+...
+\end{verbatim}
+or if you want to iterate over all residues in a model:
+\begin{verbatim}
+>>> for residue in model.get_residues():
+... print residue
+...
+\end{verbatim}
+
+To do this a bit more conveniently, store the return value of these methods in a new variable:
+
+\begin{verbatim}
+>>> atoms = structure.get_atoms()
+>>> residue = structure.get_residues()
+>>> atoms = chain.get_atoms()
+\end{verbatim}
+
+You can also use the \verb+Selection.unfold_entities+ function to get all residues from a structure:
+\begin{verbatim}
+>>> res_list = Selection.unfold_entities(structure, 'R')
+\end{verbatim}
+or to get all atoms from a chain:
+\begin{verbatim}
+>>> atom_list = Selection.unfold_entities(chain, 'A')
+\end{verbatim}
+Obviously, \verb+A=atom, R=residue, C=chain, M=model, S=structure+.
+You can use this to go up in the hierarchy, e.g. to get a list of
+(unique) \verb+Residue+ or \verb+Chain+ parents from a list of
+\verb+Atoms+:
+
+\begin{verbatim}
+>>> residue_list = Selection.unfold_entities(atom_list, 'R')
+>>> chain_list = Selection.unfold_entities(atom_list, 'C')
+\end{verbatim}
+For more info, see the API documentation.
+
\section{Some random usage examples}
Parse a PDB file, and extract some Model, Chain, Residue and Atom objects.
@@ -9397,89 +9484,20 @@ \subsubsection{Duplicate atoms}
If this does not lead to a unique id something is quite likely wrong, and an
exception is generated.
-\section{Other features}
+\section{Accessing the Protein Data Bank}
-There are also some tools to analyze a crystal structure. Tools
-exist to superimpose two coordinate sets (SVDSuperimposer), to extract
-polypeptides from a structure (Polypeptide), to perform neighbor lookup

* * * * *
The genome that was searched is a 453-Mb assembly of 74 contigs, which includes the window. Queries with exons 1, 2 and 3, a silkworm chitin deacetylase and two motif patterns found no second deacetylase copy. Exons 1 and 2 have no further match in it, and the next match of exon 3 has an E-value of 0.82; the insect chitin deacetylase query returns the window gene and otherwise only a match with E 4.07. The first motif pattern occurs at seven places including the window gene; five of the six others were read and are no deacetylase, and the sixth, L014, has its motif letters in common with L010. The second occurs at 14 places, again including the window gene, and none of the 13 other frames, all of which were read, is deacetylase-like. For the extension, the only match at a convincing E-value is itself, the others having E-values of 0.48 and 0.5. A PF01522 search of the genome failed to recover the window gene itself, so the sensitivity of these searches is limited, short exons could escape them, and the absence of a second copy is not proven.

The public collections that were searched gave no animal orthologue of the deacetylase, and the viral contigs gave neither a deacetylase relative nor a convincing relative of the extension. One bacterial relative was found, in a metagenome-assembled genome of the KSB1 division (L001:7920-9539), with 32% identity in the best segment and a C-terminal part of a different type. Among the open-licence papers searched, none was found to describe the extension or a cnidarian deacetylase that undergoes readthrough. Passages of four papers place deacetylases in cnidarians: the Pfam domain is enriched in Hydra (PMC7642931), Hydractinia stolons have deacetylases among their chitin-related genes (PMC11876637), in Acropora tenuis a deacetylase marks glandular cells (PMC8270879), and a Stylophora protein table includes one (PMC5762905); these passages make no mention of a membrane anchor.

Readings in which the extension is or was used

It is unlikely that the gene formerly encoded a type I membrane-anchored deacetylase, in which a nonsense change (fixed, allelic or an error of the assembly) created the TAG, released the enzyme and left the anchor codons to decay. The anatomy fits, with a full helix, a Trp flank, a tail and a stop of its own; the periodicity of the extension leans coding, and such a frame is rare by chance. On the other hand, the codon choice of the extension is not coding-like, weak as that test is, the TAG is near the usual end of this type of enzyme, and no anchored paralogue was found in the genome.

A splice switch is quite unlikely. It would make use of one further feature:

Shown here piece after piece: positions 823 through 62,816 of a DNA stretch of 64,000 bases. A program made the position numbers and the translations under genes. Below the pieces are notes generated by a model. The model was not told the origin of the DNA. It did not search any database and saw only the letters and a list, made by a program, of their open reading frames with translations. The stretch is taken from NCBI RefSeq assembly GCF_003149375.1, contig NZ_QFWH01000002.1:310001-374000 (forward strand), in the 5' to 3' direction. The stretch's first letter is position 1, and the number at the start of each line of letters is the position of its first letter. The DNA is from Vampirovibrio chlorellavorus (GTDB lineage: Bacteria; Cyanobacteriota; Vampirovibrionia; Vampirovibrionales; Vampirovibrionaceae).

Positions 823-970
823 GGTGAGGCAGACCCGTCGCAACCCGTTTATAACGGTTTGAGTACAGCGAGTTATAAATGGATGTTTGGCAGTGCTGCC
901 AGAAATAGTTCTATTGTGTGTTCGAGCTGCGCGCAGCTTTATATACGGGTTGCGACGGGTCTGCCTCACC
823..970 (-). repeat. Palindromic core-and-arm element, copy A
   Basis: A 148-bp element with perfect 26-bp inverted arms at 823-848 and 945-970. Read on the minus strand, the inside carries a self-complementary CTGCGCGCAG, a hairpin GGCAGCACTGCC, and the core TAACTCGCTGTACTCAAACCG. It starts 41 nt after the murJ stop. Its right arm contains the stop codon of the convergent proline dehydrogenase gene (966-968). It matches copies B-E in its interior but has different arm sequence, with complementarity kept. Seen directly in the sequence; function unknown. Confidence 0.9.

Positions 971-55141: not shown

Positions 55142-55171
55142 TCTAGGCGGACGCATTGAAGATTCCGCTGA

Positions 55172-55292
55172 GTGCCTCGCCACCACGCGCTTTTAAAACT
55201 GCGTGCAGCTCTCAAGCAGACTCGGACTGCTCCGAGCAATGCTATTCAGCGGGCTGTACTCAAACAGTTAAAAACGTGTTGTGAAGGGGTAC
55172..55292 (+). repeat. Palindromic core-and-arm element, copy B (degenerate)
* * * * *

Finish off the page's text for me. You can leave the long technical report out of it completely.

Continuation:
-(NeighborSearch) and to write out PDB files (PDBIO). The neighbor lookup
-is done using a KD tree module written in C. It is very fast and also
-includes a fast method to find all point pairs within a certain distance
-of each other.
+\subsection{Downloading structures from the Protein Data Bank}
-A Polypeptide object is simply a UserList of Residue objects. You can
-construct a list of Polypeptide objects from a Structure object as follows:
-
-\begin{verbatim}
->>> model_nr = 1
->>> polypeptide_list = build_peptides(structure, model_nr)
->>> for polypeptide in polypeptide_list:
-... print polypeptide
-...
-\end{verbatim}
-
-The Polypeptide objects are always created from a single
-Model (in this case model 1).
-
-LyX
-
-
-\section{General questions}
-
-\subsection{How well tested is Bio.PDB?}
-
-Pretty well, actually. Bio.PDB has been extensively tested on nearly
-5500 structures from the PDB - all structures seemed to be parsed
-correctly. More details can be found in the Bio.PDB Bioinformatics
-article. Bio.PDB has been used/is being used in many research projects
-as a reliable tool. In fact, I'm using Bio.PDB almost daily for research
-purposes and continue working on improving it and adding new features.
-
-\subsection{How fast is it?}
-
-The \texttt{PDBParser} performance was tested on about 800 structures
-(each belonging to a unique SCOP superfamily). This takes about 20
-minutes, or on average 1.5 seconds per structure. Parsing the structure
-of the large ribosomal subunit (1FKK), which contains about 64000
-atoms, takes 10 seconds on a 1000 MHz PC. In short: it's more than
-fast enough for many applications.
-
-\subsection{Is there support for molecular graphics?}
-
-Not directly, mostly since there are quite a few Python based/Python
-aware solutions already, that can potentially be used with Bio.PDB.
-My choice is Pymol, BTW (I've used this successfully with Bio.PDB,
-and there will probably be specific PyMol modules in Bio.PDB soon/some